A detailed description of the detection model implementation is beyond the scope of this document. But the algorithm includes the following aspects:

  • The inclusion of photon detection efficiency and dark count noise using an approach inspired by the work of Flouche and O’Brien at MIT Lincoln Laboratory.

  • The inclusion of "early fire" events, or the firing of pixels in the first time bin due to photo-electrons that accumulate while the device is not armed.

  • The inclusion of pixel "cross-talk", or the firing of neighboring pixels due to photons generated when a pixel fires.

  • Support for temperature and bias voltage dependent per-pixel PDE, per-pixel DCR and array uniform cross-talk.

  • Support for vernier bit timing non-uniformities, which lead to irregularly structured ranges.

Point Generation

The result of the detection process is a time-of-flight measurement for each pixel. The point generation aspect of the tool determines where to create a point in the point cloud based on a given time-of-flight measurement. The idealized version of the process involves the following steps:

  • The time-of-flight is converted to a total distance traveled using a nominal speed of light.

  • The total distance is halved to determine the range to the object responsible for the return.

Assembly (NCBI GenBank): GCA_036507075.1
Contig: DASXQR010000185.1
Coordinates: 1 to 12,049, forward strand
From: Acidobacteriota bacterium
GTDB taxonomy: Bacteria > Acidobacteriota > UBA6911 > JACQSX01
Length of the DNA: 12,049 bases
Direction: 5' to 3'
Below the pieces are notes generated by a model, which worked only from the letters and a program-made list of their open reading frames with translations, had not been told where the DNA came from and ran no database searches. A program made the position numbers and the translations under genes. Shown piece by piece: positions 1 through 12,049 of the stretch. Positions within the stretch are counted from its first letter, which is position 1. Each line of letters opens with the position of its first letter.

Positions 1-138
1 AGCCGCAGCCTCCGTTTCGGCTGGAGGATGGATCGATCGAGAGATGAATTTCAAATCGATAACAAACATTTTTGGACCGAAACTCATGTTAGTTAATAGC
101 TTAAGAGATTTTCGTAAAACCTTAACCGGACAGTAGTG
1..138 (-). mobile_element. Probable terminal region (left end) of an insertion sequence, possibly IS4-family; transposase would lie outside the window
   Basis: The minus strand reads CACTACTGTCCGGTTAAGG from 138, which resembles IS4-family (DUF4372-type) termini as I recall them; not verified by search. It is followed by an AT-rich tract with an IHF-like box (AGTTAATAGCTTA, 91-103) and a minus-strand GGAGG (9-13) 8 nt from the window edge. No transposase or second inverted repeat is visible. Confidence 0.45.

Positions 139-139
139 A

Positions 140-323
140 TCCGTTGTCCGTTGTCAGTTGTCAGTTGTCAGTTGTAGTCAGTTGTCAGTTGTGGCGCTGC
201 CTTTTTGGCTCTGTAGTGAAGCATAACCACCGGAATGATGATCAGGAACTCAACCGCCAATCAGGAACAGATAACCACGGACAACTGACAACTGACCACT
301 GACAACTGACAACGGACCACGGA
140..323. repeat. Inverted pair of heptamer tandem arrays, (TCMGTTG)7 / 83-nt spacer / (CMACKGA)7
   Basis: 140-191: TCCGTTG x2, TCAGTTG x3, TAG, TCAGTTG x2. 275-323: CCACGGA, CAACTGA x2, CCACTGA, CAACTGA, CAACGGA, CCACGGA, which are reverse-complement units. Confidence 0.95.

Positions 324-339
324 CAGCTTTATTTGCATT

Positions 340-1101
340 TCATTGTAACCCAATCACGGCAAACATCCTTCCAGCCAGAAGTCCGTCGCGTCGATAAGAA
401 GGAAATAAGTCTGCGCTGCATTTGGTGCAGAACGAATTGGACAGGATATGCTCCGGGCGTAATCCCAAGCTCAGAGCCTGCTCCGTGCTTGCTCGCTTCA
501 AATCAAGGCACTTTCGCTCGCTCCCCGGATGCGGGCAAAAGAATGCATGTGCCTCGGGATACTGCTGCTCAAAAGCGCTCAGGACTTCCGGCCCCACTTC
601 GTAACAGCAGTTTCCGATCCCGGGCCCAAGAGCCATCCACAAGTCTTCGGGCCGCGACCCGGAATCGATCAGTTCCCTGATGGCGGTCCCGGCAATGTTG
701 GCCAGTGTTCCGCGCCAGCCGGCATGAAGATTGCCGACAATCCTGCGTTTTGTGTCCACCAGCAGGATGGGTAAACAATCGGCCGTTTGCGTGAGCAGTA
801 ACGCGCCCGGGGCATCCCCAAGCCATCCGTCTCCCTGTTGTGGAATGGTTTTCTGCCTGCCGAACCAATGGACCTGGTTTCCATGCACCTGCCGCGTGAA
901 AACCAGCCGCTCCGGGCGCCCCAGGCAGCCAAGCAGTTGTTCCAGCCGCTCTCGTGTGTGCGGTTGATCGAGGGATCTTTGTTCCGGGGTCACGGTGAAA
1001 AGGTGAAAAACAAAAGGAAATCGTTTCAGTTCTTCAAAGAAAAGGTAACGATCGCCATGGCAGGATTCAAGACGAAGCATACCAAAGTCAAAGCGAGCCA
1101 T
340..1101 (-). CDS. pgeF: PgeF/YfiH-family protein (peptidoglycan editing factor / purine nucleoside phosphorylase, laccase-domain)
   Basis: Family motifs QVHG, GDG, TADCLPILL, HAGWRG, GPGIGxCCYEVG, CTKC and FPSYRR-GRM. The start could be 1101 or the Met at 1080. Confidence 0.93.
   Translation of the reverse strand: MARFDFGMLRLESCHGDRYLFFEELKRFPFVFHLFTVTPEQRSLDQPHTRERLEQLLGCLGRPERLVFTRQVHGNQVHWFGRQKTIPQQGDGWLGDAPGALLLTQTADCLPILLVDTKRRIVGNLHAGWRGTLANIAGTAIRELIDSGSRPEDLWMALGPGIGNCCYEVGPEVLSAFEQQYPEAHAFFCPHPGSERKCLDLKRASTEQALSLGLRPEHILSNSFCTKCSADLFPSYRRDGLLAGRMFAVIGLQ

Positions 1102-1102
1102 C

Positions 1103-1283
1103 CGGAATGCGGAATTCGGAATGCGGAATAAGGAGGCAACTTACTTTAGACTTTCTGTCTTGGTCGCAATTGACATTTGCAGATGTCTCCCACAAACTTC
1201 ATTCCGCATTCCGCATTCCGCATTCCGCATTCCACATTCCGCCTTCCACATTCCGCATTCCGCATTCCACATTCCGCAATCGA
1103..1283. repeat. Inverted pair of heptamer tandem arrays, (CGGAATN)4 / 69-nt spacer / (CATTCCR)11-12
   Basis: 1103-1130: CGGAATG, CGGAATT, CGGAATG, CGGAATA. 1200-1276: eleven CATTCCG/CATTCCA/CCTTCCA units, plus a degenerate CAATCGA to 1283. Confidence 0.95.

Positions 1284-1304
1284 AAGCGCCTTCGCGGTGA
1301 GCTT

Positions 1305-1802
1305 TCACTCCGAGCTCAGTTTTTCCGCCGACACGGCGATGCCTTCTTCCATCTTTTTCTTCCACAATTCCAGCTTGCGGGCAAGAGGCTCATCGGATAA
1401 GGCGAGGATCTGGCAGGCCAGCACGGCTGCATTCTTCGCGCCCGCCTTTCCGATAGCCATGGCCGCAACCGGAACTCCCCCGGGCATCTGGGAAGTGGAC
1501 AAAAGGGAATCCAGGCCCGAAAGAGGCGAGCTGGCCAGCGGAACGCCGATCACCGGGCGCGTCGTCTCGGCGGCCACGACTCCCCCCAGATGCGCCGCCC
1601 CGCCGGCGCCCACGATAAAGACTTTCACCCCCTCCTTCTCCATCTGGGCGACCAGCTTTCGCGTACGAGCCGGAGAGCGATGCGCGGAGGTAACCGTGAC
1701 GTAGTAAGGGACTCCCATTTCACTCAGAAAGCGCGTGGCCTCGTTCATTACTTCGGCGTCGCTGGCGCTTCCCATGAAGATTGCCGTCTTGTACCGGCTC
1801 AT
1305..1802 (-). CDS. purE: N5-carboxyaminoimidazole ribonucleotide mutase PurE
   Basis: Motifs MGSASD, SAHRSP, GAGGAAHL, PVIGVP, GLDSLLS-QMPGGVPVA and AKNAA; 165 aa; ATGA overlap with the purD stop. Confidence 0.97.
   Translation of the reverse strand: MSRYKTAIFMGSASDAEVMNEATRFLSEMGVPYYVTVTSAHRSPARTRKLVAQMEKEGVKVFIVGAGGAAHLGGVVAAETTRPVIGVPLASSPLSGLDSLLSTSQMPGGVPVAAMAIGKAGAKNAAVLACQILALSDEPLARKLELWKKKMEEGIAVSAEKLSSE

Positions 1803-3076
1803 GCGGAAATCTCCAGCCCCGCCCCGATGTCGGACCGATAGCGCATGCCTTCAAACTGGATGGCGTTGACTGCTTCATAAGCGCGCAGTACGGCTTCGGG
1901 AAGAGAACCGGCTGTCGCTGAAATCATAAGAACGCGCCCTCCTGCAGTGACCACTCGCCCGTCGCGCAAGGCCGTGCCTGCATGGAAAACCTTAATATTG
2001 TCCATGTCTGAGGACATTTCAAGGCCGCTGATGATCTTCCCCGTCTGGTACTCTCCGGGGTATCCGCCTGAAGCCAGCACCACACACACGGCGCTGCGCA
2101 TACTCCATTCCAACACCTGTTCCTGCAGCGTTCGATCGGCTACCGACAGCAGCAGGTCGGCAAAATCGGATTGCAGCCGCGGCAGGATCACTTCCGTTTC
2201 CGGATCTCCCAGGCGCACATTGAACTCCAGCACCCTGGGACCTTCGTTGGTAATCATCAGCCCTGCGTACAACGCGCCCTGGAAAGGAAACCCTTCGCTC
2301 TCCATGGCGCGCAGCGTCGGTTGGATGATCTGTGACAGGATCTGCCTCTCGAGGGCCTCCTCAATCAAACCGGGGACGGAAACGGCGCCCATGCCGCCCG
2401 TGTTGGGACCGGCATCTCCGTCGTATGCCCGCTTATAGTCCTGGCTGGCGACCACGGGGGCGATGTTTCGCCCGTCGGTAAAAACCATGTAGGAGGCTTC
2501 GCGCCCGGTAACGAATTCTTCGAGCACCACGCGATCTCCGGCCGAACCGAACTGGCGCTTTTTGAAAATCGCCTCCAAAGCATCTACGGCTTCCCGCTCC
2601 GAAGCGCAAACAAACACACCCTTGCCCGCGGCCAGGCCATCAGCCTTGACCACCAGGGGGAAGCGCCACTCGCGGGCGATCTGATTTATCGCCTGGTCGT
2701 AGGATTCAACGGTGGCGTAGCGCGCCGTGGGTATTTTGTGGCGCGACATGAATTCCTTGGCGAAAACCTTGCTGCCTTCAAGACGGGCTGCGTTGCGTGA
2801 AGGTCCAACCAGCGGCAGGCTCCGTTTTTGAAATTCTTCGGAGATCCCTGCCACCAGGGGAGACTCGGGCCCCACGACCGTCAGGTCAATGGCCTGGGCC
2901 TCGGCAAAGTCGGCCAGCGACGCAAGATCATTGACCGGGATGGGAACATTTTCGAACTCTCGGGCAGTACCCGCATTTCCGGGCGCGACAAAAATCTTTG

• The platform orientation and platform-relative pointing is used to figure out where the return is relative to the platform location.

  • The point is translated from a position relative to the platform to an absolute location using the platform location.

With the idealized point generation process described, the tool supports the following advanced options to address many real-world limitations that can render the idealized approach invalid.

  • Rather than assume the speed of light is constant, the tool allows a vertically structured atmospheric description to be supplied.

    • The model will then compute the bent path to the return.

  • Rather than use precise knowledge of the platform location, platform orientation, platform-relative pointing and lens distortion, the model allows the user to introduce various "knowledge errors"

    • The user can temporally average, quantize and add noise to the platform and scanner ephemeris values.

The output of the point generation process is a Level-1 point cloud. Currently the user can choose from four different output point cloud file formats:

  • ASCII/Text Format